Millions of dollars aside, the true value of the Diavik Foxfire is in the story behind it.
A 187.7-carat gem-quality rough diamond was found at the Diavik diamond mine 300 kilometres north of Yellowknife in June-July and revealed to the world at Kensington Palace in London on Dec. 2 by Diavik Diamond Mines Inc. president Marc Cameron. It is the largest diamond ever produced by a Canadian mine.
“It’s really tough to compete with Kensington Palace to put it on the global stage, for me to bring visibility to the Diavik mine, importantly the North and the people who live there, and ultimately the overall diamond industry, but most importantly to bring visibility back to the Northwest Territories,” Cameron said. “Because of its size, 188 carats, and the fact that it’s gem-quality, the technical side of the stone will bring significant value, but it’s the story that will bring the real value along with it. For me, that’s a strong Northern Canadian story.”
The prestige stone stands for that story: the remote island in Lac de Gras closer to the Arctic Circle than the territorial capital, the original engineering feat of bringing an off-grid mine online on a 20 square-kilometre island within about a decade of the first stake being made, the ongoing operation of the mine in one of the most unforgiving environments on Earth including the largest wind farm in the NWT, the heavy involvement of Aboriginal and community partners.
“It was really nice to bring the Diavik mine, the people that work there, to the global stage, and the Northwest Territories and Canadian diamonds overall,” Cameron said. “Overall it’s a great story behind an exceptional stone. It is a very rare find. It’s two billion years old but its journey is just beginning and it’ll be interesting to watch where it goes over the next few months moving from a rough diamond to a potential polished diamond.”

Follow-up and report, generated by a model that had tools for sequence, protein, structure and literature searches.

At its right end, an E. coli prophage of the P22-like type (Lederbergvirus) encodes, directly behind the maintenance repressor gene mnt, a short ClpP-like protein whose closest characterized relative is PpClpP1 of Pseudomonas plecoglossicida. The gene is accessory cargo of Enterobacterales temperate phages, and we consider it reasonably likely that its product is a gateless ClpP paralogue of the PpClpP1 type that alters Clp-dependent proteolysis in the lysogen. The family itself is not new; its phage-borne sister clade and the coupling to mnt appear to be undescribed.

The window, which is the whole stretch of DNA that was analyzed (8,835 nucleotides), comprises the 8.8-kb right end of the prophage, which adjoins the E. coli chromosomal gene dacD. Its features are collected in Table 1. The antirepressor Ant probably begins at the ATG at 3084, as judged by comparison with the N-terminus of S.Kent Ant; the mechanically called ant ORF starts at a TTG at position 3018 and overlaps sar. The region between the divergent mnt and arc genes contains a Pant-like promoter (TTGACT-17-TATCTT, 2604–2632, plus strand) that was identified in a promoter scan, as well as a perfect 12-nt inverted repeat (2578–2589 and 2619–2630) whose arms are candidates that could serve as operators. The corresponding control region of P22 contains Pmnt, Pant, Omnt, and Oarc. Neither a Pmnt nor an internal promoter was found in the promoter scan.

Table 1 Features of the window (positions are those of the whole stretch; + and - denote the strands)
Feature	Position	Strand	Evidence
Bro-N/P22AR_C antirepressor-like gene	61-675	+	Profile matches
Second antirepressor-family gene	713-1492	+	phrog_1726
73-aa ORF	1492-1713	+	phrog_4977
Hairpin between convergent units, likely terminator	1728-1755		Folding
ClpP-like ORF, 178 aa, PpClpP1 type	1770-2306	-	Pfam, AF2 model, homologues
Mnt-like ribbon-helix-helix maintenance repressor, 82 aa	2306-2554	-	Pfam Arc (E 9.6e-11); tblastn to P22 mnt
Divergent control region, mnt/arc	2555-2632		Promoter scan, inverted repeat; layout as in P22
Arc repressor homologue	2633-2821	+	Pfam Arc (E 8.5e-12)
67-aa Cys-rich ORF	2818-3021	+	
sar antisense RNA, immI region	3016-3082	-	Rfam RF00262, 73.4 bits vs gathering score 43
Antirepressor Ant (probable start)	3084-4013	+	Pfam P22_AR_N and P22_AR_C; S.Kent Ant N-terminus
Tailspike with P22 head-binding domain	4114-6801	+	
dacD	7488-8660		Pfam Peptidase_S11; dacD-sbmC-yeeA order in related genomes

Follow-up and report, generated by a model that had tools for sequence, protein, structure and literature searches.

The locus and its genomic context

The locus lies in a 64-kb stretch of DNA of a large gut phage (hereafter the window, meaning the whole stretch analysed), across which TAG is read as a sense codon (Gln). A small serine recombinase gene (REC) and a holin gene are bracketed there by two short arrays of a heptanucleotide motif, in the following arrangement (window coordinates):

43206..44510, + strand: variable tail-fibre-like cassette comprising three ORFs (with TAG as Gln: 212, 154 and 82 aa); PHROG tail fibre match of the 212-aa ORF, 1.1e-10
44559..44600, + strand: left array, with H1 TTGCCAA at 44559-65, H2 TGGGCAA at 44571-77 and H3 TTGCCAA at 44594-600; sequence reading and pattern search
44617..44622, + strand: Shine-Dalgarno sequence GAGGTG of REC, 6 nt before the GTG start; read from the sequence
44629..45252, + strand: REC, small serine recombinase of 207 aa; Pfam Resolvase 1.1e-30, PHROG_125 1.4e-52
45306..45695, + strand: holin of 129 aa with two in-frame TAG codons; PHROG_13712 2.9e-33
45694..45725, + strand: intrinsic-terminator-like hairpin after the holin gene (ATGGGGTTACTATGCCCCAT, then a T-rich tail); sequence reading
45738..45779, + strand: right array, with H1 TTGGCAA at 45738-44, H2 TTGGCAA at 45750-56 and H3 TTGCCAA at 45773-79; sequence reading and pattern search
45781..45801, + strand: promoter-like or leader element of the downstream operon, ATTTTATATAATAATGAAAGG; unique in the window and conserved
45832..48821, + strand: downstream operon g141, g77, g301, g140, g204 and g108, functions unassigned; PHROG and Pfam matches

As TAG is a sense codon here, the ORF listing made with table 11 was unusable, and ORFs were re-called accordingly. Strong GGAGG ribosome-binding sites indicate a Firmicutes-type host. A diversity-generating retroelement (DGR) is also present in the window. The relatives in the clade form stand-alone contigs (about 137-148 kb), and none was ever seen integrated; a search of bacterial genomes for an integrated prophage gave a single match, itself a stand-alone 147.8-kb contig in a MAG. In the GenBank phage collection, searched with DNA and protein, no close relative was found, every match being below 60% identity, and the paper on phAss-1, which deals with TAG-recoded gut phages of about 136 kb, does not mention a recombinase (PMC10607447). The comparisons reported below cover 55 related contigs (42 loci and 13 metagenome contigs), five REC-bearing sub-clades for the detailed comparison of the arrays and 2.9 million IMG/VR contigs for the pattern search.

The two billion year-old gem was discovered by an operator in the above-ground Diavik recovery mill before being sent for sizing and cleaning in Yellowknife.
“At that point, this became a special stone, as do a lot of our stones of higher quality and higher size,” Cameron explained. “We have a special mechanism within the business to decide ultimately which joint venture partner is going to become the owner of the stone,” which in this case was Rio Tinto, which owns a controlling 60 per cent stake in the mine.
The gem also has a traditional Tlicho name: Noi?eh Kwe, or caribou crossing stone.
Grand Chief Edward Erasmus said in a press release he was “very pleased” the diamond’s name honours the caribou crossing, which has been critical to the Tlicho since “time immemorial.”
“It’s something that very early on we set out to do and was important to us,” Cameron said. “We approached the Tlicho, one of our Aboriginal partners, and asked them if the diamond could be given a local name. They took some time to review that, were excited about it. It recognizes the importance of the caribou to the Aboriginal people of the North, but it also recognizes the island on which the Diavik mine is located.”
Cameron wouldn’t valuate the rough diamond for business reasons, speculating the stone could yield one 70-carat or two 35-carat polished diamonds and several smaller companion diamonds for the heirloom jewellry they will most likely become a part of. The gem will be showcased in the British capital before returning to Antwerp for “careful assessment and planning for the next stage of its journey.”
The Kensington Palace reveal was appropriate since the largest diamonds in the world are in the possession of the British royal family as part of the Crown Jewels of the United Kingdom. The largest diamond ever found, the Cullinan, weighed close to 3,107 carats when it was discovered in 1905 and was cut into nine gems, the largest two joining the Crown jewels as the Great Star of Africa and the Second Star of Africa.
Diavik opened in 2003 and has produced between six and seven million carats of mostly large, white, high-quality diamonds per year since.
“We are delighted to showcase this exceptional, two billion year-old Canadian diamond,” Rio Tinto Diamonds managing director Jean-Marc Lieberherr said in a press release. “Its ancient beginnings, together with the fortitude, finesse and innovative technology required to unearth a diamond in the challenging sub-arctic environment, make it a true miracle of nature.”